Improving the Quality of Lung Cancer Care in Ontario: The Lung Cancer Disease Pathway Initiative

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Abstract

Background:

Before 2008, Cancer Care Ontario (CCO) undertook provincial cancer control quality-improvement initiatives on a programmatic basis. CCO has now added Disease Pathway Management (DPM) to its quality improvement strategy, with the intent of achieving high-quality care, processes, and patient experience across the patient pathway for specific cancers.

Objectives:

The three goals of DPM are: to describe and share evidence-based best practice along the cancer continuum for specific cancers; identify quality-improvement priorities for specific cancers and catalyze action; monitor performance against best practice for specific cancers. The objective of this article is to describe the process by which the CCO lung cancer (LC) DPM was initiated and some of its early successes.

Methods:

In 2009, LC DPM began with a draft LC disease pathway map and the establishment of five multidisciplinary working groups, each focused on a phase of the LC patient journey: prevention, screening, and early detection; diagnosis; treatment; palliative care, end-of-life care, and survivorship; and patient experience. The working groups held 25 meetings of 2-hour duration and developed concepts for 17 quality-improvement projects across the patient journey. Eight were selected for detailed discussion at a provincial consensus conference, which provided input on priorities for action. A report on the priorities for action was prepared and widely circulated, and regional roadshows were held in all 14 regions of the province of Ontario. Region-specific data on incidence, stage, treatment compliance, and wait times among other issues relevant to LC, were shared with the regional care providers at these roadshows. Funding was provided by CCO to address opportunities for regional improvement based on the data and the priorities identified.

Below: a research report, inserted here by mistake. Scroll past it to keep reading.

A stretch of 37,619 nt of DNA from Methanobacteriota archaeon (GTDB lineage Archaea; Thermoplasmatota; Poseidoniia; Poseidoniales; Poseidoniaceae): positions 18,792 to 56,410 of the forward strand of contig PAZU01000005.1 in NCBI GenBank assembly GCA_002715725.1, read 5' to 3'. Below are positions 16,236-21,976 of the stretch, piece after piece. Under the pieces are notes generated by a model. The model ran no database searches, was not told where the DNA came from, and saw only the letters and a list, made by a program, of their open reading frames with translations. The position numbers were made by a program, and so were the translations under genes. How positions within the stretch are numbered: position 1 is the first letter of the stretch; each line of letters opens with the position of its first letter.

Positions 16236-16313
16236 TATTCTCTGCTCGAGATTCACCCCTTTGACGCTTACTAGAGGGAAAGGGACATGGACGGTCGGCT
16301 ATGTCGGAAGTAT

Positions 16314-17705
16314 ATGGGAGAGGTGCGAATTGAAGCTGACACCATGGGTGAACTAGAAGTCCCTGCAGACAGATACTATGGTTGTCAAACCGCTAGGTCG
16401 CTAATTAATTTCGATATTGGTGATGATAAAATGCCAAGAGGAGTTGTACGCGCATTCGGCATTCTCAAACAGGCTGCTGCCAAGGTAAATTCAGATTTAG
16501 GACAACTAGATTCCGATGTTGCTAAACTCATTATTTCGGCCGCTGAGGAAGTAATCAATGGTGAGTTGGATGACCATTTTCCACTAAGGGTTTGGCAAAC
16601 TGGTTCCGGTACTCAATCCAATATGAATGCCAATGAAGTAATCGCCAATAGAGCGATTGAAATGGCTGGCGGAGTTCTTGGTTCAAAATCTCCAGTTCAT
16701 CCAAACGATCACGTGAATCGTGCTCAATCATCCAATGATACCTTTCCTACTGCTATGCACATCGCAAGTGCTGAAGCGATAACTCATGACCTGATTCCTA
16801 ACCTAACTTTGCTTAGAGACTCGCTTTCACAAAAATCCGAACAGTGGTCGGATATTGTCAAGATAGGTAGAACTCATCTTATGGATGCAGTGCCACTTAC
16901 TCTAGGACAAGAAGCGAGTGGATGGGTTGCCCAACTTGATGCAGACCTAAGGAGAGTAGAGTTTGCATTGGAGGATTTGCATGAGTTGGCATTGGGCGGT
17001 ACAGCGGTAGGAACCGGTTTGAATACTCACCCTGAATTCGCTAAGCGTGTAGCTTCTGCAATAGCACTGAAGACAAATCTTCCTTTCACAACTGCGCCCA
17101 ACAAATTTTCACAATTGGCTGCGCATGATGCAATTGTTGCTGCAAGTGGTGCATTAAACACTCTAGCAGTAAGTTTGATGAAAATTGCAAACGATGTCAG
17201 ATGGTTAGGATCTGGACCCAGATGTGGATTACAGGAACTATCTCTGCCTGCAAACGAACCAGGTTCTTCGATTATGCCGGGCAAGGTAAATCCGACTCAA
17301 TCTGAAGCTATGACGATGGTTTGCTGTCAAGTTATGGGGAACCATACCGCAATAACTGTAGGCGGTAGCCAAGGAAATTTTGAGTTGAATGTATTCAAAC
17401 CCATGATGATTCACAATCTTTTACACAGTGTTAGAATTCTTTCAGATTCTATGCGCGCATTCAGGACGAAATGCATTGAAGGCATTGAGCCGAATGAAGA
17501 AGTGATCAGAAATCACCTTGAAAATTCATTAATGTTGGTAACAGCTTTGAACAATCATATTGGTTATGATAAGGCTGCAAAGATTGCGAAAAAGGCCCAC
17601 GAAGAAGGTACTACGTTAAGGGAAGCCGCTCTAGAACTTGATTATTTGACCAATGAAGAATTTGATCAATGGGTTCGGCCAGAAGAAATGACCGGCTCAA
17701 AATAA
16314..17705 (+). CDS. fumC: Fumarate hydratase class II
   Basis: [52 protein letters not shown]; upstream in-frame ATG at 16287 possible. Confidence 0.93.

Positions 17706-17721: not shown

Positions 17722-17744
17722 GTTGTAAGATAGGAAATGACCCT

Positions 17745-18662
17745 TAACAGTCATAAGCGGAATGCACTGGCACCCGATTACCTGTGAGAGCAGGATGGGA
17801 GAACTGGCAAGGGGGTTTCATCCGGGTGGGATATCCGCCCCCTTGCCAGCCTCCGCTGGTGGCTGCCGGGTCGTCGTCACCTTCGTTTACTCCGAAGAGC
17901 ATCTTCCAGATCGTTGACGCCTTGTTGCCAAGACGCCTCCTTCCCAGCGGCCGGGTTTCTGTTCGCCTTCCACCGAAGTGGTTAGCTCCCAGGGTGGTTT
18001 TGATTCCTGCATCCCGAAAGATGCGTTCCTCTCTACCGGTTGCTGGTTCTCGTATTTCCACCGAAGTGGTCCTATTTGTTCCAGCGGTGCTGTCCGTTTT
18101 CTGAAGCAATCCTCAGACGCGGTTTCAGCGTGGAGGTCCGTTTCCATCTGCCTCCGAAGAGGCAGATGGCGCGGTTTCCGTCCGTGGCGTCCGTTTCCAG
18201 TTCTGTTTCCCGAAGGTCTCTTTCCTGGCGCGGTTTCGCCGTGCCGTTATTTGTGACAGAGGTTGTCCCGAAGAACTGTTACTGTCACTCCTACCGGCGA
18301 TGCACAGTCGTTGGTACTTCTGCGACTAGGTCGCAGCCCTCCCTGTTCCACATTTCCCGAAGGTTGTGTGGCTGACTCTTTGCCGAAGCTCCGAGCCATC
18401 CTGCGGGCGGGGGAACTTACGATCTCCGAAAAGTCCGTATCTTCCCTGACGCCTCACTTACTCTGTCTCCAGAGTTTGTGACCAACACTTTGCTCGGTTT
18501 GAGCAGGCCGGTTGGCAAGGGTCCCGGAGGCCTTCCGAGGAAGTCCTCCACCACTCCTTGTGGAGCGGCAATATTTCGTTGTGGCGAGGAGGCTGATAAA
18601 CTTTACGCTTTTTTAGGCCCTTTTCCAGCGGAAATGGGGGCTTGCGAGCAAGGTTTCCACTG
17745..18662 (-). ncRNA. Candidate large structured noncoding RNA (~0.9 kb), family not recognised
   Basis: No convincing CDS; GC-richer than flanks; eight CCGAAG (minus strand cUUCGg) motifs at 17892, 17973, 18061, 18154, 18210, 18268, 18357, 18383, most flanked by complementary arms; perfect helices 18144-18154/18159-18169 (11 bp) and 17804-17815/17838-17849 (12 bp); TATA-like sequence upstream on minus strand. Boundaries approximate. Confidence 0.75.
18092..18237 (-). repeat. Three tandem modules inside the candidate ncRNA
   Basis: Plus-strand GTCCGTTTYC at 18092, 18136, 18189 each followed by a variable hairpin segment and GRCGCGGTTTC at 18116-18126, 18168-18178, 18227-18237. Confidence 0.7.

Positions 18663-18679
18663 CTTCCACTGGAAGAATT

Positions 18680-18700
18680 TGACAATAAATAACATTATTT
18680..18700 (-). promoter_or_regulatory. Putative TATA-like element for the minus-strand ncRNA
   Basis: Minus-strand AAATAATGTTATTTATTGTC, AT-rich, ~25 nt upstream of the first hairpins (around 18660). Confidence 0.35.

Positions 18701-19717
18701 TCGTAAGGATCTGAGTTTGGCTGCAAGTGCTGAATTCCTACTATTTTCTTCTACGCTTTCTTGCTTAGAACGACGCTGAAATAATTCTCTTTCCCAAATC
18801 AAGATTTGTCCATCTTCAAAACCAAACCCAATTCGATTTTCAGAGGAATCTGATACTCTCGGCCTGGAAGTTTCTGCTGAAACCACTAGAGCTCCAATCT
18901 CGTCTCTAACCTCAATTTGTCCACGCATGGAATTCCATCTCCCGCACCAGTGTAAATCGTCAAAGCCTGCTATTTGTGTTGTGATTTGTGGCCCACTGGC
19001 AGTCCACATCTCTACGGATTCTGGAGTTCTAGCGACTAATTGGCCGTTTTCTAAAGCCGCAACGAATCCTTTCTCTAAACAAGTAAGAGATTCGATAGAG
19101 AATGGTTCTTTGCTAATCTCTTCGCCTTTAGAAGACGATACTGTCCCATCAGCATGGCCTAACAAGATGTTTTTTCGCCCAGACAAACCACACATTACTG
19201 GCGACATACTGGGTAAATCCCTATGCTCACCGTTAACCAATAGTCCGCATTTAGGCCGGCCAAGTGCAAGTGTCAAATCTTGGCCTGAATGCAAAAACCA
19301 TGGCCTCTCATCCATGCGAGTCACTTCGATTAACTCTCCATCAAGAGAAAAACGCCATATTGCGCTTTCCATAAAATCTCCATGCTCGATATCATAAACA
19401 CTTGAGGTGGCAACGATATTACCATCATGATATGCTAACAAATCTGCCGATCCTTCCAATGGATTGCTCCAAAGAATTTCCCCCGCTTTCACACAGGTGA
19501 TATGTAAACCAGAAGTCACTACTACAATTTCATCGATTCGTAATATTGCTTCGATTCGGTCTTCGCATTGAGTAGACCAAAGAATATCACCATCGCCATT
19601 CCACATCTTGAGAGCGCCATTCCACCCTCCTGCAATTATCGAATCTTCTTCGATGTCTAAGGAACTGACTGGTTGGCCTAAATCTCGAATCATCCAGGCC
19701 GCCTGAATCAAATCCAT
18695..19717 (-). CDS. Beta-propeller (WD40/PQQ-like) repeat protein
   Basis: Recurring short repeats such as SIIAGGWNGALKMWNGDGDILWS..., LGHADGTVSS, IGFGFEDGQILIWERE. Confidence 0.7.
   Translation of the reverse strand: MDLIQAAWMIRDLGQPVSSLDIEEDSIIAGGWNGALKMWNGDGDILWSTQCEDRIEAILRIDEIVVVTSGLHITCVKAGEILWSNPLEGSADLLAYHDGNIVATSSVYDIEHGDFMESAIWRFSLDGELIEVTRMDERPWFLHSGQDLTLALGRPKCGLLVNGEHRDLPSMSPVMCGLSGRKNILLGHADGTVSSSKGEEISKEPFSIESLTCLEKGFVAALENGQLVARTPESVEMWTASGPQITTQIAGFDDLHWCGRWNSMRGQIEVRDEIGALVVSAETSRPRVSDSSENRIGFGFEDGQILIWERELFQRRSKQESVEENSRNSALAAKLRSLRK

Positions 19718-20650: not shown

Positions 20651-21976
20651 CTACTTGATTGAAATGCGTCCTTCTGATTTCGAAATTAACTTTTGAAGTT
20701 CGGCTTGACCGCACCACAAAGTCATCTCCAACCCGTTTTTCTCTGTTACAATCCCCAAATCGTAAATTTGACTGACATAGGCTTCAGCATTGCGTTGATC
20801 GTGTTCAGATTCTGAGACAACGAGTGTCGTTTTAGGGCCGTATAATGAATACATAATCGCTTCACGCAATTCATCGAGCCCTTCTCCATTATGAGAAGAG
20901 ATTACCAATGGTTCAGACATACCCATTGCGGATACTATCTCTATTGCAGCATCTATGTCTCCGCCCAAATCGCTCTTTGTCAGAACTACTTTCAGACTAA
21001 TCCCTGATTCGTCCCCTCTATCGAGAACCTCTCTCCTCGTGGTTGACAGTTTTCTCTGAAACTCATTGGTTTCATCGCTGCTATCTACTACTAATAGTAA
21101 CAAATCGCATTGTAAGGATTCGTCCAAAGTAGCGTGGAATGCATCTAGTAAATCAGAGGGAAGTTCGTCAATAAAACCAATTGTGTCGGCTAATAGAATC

Results:

The LC disease pathways were refined through substantial multidisciplinary discussion, and the diagnostic pathway was posted on CCO’s Web site in February 2012. The treatment pathways for small-cell LC and non–small-cell LC were posted in November 2012. LC Diagnostic Assessment Units/Programs have been initiated in 14 regions, and educational materials on dyspnea management, including a patient video, are available on CCO’s Web site. An audit has been undertaken to better understand the barriers to the uniform uptake of specific evidence-based practices across the province, and the results will be reported shortly. The proportion of LC patients, whose symptoms are assessed at least once a month, using a standardized symptom assessment instrument (Edmonton Symptom Assessment System), has improved through the DPM.

Conclusion:

Through CCO’s LC DPM initiative, Regional Cancer Programs have become aware of their performance on a range of LC-specific performance and quality metrics and have been motivated to undertake quality-improvement initiatives. Standardized diagnostic and treatment pathways have been developed. Ongoing measurement of a broad range of metrics, including stage-specific survival, guideline concordance, and measures of the patient experience will help determine the benefit of this major initiative.

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